Information technology is a large-scale industry with a lot of terms and concepts. However, not everyone understands the true meaning of some of these terms, resulting in many inconsistencies and incorrect information in many sources on IT topics. This often happens when discussing enterprise software applications that are confused with standard non-enterprise solutions. This article aims to draw a line between the two concepts and show how they are different and why they are not the same.
The concept of enterprise software
The concept of this type of software lies in its name. A corporation is a business, meaning enterprise software was created with business needs in mind. One of the most popular enterprise software is the corporate data warehouse. Modern businesses use them to improve data processing. Enterprise software tools have a similar working principle, and they will not differ much from one vendor to another. The only thing is that you can add or remove some functions that will meet your business’s needs. The variety of enterprise applications is quite large; developers create:
- Payment processing applications
- Tools for business analytics
- Human resource management
- IT service management
- Project management and much more.
The difference between enterprise software and consumer software
The software can be divided into three types, depending on the target user:
- Custom- this is the very same enterprise software designed to meet business requirements
- Consumer -applications designed for standalone users, i.e., ordinary network users. This would include apps for smartphones
- Personal – if a person has the knowledge and skill to write code, then they can create an application that they can use for their personal needs
Now that we know what enterprise software is, it is worth highlighting the difference between them and standard consumer applications:
- Purpose Group
The main difference between these two types of applications is the target users of each. Consumer apps are aimed at the masses, ordinary users, while enterprise apps are exclusively for business. The first type can be found in regular app stores such as Appstore or PlayMarket; the second involves a subscription with payment, which can be arranged on the official pages of the suppliers.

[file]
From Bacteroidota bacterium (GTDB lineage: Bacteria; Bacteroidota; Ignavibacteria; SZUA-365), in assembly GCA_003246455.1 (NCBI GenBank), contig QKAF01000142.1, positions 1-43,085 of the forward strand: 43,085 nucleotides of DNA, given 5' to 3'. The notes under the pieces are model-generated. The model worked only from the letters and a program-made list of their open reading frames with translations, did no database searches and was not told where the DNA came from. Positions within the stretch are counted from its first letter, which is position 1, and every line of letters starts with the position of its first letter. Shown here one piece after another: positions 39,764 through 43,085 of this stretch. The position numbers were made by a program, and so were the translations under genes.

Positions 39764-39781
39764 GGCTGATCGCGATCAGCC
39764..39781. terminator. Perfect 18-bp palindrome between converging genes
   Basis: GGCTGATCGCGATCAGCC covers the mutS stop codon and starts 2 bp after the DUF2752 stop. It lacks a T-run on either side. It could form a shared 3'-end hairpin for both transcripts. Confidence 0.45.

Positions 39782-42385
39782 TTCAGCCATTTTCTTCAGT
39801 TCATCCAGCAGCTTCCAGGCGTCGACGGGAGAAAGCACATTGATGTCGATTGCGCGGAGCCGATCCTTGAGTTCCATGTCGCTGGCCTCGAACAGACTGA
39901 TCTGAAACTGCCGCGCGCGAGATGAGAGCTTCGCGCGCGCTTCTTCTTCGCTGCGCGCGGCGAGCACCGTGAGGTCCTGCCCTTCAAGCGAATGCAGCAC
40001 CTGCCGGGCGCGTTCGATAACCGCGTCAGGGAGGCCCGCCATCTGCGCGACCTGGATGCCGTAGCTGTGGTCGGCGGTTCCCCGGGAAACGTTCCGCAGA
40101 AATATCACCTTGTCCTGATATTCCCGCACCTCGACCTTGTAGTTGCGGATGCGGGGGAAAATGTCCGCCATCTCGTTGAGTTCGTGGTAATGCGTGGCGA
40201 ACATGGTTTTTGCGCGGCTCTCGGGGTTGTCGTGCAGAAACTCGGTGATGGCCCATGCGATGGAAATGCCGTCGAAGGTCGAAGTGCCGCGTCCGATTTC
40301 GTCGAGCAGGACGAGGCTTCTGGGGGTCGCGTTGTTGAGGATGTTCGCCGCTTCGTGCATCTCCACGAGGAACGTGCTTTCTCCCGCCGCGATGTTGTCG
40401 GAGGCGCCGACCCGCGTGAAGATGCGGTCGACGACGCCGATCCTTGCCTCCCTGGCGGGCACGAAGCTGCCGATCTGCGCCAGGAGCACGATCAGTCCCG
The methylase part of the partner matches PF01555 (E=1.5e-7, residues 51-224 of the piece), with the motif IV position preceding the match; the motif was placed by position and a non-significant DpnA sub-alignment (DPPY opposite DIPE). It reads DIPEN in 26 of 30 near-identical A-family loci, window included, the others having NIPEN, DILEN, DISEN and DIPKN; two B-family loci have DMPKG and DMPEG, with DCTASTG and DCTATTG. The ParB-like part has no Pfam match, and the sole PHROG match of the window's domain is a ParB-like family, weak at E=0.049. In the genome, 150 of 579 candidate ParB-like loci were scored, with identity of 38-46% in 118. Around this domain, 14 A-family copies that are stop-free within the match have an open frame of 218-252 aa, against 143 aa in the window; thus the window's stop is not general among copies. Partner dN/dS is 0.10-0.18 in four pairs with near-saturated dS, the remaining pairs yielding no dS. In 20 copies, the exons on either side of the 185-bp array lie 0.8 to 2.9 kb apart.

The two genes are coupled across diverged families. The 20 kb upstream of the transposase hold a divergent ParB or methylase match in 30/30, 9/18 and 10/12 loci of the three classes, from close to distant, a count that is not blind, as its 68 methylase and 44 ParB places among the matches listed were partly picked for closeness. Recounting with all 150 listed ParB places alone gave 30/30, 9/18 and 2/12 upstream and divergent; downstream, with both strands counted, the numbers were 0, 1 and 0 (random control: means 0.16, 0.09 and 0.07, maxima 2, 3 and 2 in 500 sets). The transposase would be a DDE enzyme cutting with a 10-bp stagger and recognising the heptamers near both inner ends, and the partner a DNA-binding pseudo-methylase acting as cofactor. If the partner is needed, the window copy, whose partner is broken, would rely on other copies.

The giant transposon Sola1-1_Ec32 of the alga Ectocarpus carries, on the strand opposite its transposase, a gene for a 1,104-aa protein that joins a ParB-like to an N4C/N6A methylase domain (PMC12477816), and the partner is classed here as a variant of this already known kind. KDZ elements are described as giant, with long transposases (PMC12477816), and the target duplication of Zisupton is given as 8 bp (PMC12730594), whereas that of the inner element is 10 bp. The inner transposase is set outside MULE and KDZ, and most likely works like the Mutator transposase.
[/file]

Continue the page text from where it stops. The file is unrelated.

Consumer apps help us in our daily lives; they digitalize many aspects of our daily routine, from leisure to health. Corporate apps, on the other hand, are developed according to the industry for which it is intended. Although they are focused on simplifying and optimizing business processes, their purpose is to save your time, money, and resources.
Both types of applications can be divided into two types: open and closed. Available applications are those types of applications that can be accessed by the public, i.e., you can download and sign in to the application. Closed applications require users to enter a special identification code before logging in.
Consumer software developers experiment with design, color choices, font choices, and many other details to find that coveted formula that appeals to customers. For these applications, design is as important as functionality. Innovation is of secondary importance for enterprise-level applications because they are more focused on improving the efficiency of business operations. The principle is the less – the better, so the design of such programs are minimalistic and not particularly fancy.
- Revenue Generation
In the case of consumer applications, users pay for subscriptions, and providers spend money on targeted ads. In the case of enterprise applications, vendors pay to get a lifetime license to own the software and later set up their plans for users to make a profit from them.